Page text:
Personal Log  #952

July 3, 2019  -  July 5, 2019

Last Updated:  Mon. 7/29/2019

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Understanding MPGe.  Those trying to run reputable venue for sharing information about all vehicles with a plug are really struggling with those who are poorly informed... and those who just plain don't care to learn.  They keep publishing articles from time to time about how efficiency is actually measured & represented.  That makes a huge difference toward understanding the variety of technologies available.  Not all electrics are the same.  Not understanding that is a big problem, since it prevents advancement of discussions.  If the knowledge sharing is remains stuck at a basic level and is routinely posted about with incorrect comment material, the integrity of the venue is at risk.  For example: "It should be just RANGE for an EV.  For a PHEV it should be EV range then MPG when the sloppy OPEC gas awallower starts to spew it exhaust."  That seems innocent enough.  But it is highly misleading.  Any automaker can just add more cells to give the impression of efficiency.  But in reality, its really a waste of resources.  I tried to explain, yet again:  Capacity of the battery-pack is a red herring, telling you nothing whatsoever about how efficiently electricity is actually consumed.  44 kWh/100 mi.  25 kWh/100 mi.  Those numbers are from the article's illustration.  They reveal that one vehicle uses far more electricity to travel the same distance.  This is why even a short-range PHEV can be a much greener choice than an EV with a long-range capacity.  More can actually be a disadvantage.  After all, unused capacity doesn't accomplish anything.  That's why the consumption rate is a necessary measure of true efficiency.  In this case, the data reveals the one is an outright guzzler in comparison since it requires an additional 19 kWh of electricity to travel that same 100 miles.  Think about the added expense to pay for those extra kWh and the wasted time waiting for longer recharge.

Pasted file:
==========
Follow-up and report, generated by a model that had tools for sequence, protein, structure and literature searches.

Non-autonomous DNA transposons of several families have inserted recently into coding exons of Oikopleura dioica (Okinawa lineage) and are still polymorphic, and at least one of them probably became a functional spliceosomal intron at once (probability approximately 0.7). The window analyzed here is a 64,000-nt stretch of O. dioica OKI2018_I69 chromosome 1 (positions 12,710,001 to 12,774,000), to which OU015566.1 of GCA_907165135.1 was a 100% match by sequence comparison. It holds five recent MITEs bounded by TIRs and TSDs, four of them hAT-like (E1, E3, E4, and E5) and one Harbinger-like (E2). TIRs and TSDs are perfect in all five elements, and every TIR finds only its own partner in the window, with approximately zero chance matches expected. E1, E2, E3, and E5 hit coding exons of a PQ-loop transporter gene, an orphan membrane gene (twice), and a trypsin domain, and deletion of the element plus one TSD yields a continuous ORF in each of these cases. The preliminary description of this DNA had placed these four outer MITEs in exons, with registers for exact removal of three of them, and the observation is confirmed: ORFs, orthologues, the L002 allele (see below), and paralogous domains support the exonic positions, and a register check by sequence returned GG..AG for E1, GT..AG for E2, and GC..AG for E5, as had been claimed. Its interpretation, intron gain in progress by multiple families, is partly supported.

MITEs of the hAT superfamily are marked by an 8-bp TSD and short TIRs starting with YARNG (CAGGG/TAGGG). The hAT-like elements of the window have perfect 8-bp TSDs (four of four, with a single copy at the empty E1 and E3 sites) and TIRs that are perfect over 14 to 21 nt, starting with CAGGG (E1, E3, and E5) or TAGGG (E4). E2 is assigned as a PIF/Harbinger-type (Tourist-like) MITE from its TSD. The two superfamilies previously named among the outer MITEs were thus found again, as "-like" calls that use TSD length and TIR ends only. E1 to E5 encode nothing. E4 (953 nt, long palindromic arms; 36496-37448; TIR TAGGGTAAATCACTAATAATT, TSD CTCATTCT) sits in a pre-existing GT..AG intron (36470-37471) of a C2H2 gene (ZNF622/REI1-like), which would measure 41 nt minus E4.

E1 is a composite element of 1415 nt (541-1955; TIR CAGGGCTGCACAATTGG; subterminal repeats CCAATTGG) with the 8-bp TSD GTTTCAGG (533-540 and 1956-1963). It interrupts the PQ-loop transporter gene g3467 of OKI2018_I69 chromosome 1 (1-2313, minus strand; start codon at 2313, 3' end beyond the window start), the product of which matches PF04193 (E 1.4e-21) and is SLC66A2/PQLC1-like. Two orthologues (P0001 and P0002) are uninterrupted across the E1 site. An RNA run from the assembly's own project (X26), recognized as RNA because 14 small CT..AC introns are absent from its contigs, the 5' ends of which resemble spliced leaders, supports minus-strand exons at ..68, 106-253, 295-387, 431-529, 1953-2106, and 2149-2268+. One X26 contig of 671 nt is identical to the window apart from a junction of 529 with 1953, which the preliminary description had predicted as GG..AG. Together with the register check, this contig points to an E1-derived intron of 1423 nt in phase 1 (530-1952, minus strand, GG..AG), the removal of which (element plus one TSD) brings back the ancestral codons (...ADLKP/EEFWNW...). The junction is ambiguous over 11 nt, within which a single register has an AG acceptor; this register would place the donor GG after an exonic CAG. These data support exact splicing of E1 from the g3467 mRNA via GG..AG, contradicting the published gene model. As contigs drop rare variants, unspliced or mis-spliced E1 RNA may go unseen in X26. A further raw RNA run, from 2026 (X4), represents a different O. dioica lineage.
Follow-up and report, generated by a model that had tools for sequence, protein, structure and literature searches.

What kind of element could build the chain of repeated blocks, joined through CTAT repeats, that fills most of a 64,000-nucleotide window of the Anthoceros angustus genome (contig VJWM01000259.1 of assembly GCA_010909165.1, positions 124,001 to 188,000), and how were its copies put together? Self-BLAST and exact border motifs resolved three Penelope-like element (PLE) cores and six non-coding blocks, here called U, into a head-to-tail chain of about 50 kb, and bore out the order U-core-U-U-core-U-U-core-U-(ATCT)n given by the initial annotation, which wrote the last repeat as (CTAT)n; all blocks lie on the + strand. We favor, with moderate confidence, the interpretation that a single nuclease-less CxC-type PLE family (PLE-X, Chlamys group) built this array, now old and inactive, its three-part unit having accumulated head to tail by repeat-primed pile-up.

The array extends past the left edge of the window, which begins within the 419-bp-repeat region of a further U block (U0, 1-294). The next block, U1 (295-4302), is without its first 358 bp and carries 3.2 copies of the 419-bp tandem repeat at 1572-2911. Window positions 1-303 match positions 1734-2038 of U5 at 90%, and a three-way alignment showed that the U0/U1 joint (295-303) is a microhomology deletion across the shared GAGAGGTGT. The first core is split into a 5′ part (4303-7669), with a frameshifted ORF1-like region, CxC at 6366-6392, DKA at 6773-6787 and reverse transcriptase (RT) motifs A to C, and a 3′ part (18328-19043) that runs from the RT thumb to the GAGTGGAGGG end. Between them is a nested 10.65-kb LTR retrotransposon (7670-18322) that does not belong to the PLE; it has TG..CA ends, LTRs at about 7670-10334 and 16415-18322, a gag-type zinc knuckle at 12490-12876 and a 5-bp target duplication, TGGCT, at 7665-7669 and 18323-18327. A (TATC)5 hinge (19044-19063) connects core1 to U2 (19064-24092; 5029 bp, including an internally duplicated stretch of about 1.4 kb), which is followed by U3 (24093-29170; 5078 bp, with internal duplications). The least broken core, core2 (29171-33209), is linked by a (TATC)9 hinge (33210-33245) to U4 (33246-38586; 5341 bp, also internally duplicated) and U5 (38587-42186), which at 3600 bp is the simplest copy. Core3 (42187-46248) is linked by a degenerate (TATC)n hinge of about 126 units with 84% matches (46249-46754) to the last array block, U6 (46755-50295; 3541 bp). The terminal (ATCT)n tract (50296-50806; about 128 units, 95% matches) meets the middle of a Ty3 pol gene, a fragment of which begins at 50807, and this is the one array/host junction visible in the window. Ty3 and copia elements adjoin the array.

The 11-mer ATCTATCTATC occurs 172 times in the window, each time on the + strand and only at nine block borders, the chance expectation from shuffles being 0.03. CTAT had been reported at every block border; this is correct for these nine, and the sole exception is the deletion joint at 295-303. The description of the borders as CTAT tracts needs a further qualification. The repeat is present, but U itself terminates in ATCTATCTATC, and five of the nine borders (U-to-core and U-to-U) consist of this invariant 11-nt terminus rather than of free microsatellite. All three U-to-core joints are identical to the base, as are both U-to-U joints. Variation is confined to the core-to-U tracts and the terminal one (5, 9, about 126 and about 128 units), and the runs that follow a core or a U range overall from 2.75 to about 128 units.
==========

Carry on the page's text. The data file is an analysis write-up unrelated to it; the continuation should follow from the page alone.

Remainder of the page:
Misrepresenting Sales.  Stuff like this is very irritating to encounter: "Hybrids flat since 2017."  It's nothing new.  People have been over-generalizing like that for 20 years.  Anything with a battery-pack was called a "hybrid" vehicle.  Nothing about its design, or even shape or size, made any difference.  All the numbers were just lumped together and averaged.  It's just like averaging price, instead of using median.  That is deception tactic often used to misrepresent.  The catch is, there are many who either don't care or don't bother to research what information they are actually passing along.  The number simply validates their stance, so they use it.  That's why I jump in with facts regularly to give a heads up to those who honestly didn't know and keep those who might be hoping to mislead something actually constructive to consider.  In this case:  Notice what's happening with the new RAV4 hybrid?  It's a midsize SUV that delivers 40 MPG.  There's a massive market for that particular audience, especially with a starting MSRP of $27,850. Consequently, growth has been dramatic.  Comparing the first half of 2018 to the first half of 2019, the growth rate is 142%.  In terms of actual numbers here, June had 9,013 sales.  For Toyota's design, that only requires the addition of a one-way clutch.  Finding room for that extra battery-capacity is obviously with a larger interior like that too.  So, there's a lot of potential.  Flat is misleading.